The writer of the original film Oriol Paulo wanted Sujoy to read the script.
Director Sujoy Ghosh couldn’t be in a better place. And, I mean that literally. He is in Kolkata when I speak to him.
“The city speaks to me and I speak to it. The kind of acceptance that I get from Kolkata is gratifying, and not only because I am a Bengali. It has more to do with the way I capture the city. Now, my Badla has opened to great reviews in Kolkata, and I feel so at home here,” sigh the director whose last few films have been box office disappointments.
“Look, everyone expects me to make Kahaani every time. It’s like one child in the family getting all the attention. Arrey, I’ve to give the same attention to all my children. I am equally proud of all my films,” says Sujoy.
Badla, which has opened to heartening box office collections is a remake of a Spanish film. Or, so we were told.
Sujoy has another story to tell. “Badla is not a remake of the Spanish film Contratiempo (The Invisible Guest). I read the script which was given to me by my producer Sunir Khetrapal and the one and only Taapsee Pannu.”
The writer of the original film Oriol Paulo wanted Sujoy to read the script. “Yes, Oriol Paulo sent the script. When I read it, I was jealous of another man’s creativity for the first time. Shit, why didn’t I write this?”
From that point of envy, Sujoy builds his own case. “The same script would be made into completely different films by Manmohan Desai and Hrishikesh Mukherjee. It’s like the city of Kolkata. My Kolkata is very different from Shoojit Sircar or Srijit Mukerjee’s Kolkata. I took the idea of the original (film) and turned it around. I changed the gender of the two protagonists. Mr Bachchan was always on board. I can’t think of making any film without him.”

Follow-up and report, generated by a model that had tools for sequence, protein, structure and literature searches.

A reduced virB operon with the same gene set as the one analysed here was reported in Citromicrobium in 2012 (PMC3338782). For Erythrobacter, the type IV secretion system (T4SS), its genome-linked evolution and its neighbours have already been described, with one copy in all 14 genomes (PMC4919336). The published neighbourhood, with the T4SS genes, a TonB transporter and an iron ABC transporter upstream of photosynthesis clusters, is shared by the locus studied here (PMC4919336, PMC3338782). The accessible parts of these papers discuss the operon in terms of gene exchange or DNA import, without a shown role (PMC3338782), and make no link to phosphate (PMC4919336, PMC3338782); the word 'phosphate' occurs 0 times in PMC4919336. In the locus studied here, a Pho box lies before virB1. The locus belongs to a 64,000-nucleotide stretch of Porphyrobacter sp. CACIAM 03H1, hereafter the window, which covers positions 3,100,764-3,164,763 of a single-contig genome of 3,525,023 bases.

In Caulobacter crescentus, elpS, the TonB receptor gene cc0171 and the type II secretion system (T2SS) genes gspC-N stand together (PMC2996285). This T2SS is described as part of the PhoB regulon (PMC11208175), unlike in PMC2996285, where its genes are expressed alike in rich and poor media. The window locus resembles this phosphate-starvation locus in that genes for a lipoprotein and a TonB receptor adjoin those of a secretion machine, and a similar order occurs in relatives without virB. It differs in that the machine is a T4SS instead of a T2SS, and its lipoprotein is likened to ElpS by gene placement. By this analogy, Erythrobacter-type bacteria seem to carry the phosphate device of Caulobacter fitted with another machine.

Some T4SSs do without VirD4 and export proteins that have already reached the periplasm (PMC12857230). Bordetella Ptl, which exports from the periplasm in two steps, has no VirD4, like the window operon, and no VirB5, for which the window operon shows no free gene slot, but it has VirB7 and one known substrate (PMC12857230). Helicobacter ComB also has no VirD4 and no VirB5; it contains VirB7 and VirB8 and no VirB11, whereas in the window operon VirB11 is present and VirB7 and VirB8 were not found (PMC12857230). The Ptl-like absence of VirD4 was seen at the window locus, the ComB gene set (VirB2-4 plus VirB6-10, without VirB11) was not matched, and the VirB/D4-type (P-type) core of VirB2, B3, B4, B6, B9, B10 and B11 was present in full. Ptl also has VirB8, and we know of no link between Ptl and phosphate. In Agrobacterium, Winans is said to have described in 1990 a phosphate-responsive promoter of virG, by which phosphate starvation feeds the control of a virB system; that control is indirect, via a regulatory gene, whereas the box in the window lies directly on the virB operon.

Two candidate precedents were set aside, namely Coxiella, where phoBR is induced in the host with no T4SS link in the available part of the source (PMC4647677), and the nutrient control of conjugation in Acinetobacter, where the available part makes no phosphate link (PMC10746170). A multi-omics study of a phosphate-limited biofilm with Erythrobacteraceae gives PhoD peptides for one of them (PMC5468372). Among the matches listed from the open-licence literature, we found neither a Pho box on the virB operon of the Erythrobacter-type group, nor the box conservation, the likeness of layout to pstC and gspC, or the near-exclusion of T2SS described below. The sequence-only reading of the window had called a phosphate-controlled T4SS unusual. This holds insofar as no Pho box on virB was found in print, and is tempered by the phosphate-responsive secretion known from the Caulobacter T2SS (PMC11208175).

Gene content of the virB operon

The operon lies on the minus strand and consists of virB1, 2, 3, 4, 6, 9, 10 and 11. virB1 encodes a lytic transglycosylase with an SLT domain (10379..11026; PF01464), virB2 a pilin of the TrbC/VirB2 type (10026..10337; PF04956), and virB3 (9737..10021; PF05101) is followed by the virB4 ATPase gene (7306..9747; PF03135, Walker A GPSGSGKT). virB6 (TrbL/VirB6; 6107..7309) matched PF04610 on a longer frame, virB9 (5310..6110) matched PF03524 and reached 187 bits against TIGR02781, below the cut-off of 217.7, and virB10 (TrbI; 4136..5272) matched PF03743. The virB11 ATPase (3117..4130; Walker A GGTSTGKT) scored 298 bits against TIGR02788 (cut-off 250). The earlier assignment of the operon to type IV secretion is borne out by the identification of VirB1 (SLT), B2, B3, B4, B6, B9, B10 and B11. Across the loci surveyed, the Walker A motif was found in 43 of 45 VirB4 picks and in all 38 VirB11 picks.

“Taapsee came in later… maddening, fascinating Tapsee… what can I say about her? Her silences say so much. She is not afraid of being quiet on camera. She can say so much without speaking. And, she is so not overawed by Mr Bachchan. I don’t think Badla would have happened without Taapsee,” raves the smitten director.
So is Taapsee Pannu the new Vidya Balan in Sujoy Ghosh’s life? “Woh toh mushqil hai (That is tough). Balan is Balan. She is irreplaceable in my life. Not that I am comparing myself with him but Satyajit Ray made great films with Sharmila Tagore. But, no one could take Madhabi Mukherjee’s place in his cinema.” Vidya Balan was Ghosh’s heroine in the pathbreaking Kahaani and its sequel.
Badla with its sophisticated sheen and polished interiors seems to be designed for elitist viewing.
This is where Sujoy turns violently protestant. “No no not at all! I’d never want my cinema to be restricted by its theme and treatment. My mother is a full-on Total Dhamaal kind of audience. I would howl in rage and grief if my mother didn’t like Badla. I’d want the same audience that loved Total Dhamaal to come for my cinema.”